Guess what, people. It’s time for training camp. And that means it’s time for training camp questions. For the first time since 2019, the Pittsburgh Steelers are actually back at Saint Vincent College in Latrobe after being forced to stay in Pittsburgh, where they held their last two training camps inside the formerly known ground. under the Heinz name.
Even though the Steelers are back on very familiar ground, specifically Chuck Noll Field, this is an exceptionally certain training camp. After all, they haven’t had a real quarterback battle in a few decades, but now they have one with Mitch Trubisky, Kenny Pickett and Mason Rudolph.
We have yet another new offensive line, with some incoming veterans in James Daniels and Mason Cole. Myles Jack is inside linebacker, replacing Joe Schobert, and we’ll have to see if Devin Bush can get back to form after last year’s dismal performance.
There’s still so much going on, and boot camp will only create more questions as it goes along, even as it begins to provide answers. We’ll be covering them here on a daily basis for the community”talk to each otheras Linda Richman might say on Coffee Talk.
Question: Will the NFL appeal Sue Robinson’s six-game suspension decision?
For the first time since the most recent CBA installation, Deshaun Watson has asked a jointly appointed disciplinary officer to assess the league’s complaint against him, arguing for an indefinite suspension of at least a year.
Disciplinary officer Sue Robinson determined a six-game suspension was fair, based on precedent, even ruling out that the current case is…unprecedented. Although the CBA appoints a Joint Disciplinary Officer, the appeals process would still be chaired by Commissioner Roger Goodell.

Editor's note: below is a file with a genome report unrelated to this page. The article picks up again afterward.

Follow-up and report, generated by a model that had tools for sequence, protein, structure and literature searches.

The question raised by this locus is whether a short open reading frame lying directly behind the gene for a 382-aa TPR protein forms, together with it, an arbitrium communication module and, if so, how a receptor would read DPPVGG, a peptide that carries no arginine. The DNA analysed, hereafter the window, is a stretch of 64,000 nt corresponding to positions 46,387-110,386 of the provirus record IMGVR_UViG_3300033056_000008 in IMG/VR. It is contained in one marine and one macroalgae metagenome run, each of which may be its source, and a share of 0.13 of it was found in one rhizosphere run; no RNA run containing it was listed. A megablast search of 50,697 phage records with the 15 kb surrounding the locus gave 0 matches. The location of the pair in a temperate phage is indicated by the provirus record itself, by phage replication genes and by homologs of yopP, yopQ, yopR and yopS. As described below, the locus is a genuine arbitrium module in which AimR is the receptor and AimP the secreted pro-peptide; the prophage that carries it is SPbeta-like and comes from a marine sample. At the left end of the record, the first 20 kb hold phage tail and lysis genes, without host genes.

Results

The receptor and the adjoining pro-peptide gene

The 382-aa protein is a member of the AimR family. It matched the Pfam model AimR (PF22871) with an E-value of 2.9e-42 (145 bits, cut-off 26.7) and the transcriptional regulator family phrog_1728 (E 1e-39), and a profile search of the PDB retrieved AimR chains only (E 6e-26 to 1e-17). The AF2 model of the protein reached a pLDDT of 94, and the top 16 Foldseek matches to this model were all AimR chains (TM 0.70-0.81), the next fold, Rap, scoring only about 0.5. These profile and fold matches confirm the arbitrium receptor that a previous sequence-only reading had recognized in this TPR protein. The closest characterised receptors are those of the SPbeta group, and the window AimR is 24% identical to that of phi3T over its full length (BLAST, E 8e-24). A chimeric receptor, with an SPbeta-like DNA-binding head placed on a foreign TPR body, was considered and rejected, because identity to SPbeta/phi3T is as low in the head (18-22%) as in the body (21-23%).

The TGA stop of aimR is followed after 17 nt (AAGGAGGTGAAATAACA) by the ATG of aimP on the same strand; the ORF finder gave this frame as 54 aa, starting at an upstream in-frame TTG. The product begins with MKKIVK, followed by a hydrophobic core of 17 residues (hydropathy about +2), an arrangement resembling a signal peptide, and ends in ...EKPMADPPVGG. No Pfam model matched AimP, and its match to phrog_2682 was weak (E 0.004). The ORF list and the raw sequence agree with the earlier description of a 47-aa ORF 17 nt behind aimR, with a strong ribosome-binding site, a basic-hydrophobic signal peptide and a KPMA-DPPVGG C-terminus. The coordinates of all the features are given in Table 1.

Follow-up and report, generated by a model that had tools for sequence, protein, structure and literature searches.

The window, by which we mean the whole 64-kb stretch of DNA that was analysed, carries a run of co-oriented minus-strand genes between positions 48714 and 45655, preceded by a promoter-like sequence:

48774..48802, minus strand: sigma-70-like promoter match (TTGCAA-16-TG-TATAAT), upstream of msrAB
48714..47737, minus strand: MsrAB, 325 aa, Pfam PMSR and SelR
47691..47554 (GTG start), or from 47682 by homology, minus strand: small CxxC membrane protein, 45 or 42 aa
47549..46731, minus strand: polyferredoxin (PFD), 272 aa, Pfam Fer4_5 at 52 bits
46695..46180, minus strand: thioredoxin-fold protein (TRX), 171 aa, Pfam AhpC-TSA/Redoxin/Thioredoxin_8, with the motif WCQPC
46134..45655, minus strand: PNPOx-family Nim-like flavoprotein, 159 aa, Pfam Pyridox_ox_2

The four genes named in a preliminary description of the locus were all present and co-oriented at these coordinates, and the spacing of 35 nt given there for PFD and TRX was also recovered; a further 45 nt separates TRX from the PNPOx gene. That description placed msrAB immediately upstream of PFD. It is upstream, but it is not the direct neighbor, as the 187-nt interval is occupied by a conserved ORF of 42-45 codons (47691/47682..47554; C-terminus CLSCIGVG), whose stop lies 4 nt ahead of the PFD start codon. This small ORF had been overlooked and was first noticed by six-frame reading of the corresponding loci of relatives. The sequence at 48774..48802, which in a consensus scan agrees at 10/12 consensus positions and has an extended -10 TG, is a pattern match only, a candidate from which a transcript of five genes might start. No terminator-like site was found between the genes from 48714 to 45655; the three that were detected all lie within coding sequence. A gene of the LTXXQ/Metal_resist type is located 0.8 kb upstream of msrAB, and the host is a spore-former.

The NFL has learned in recent years that public outcry is bad for business and has therefore more readily adapted to the winds of public opinion. The response to a six-game suspension for Watson hasn’t been kind, so many expect the league to actually appeal.
It’s more or less within Goodell’s remit to just drop the discipline he wanted to give in the first place, and he also knows that’s what the public preponderance wants. After all, he is accused of harassing or sexually assaulting dozens of women.
Robinson provided the league with the ammunition it needed. She essentially consented to their entire account of events and even went so far as to describe Watson as ruthless. The only discrepancy concerned the fair punishment of the crime, and even she acknowledged the unprecedented nature of said crime.
The league has until Thursday morning to formally appeal the decision. I imagine once the wheels are in motion it shouldn’t take that long. The Browns already know they won’t have Watson at the start of the season, so that shouldn’t change timelines or plans.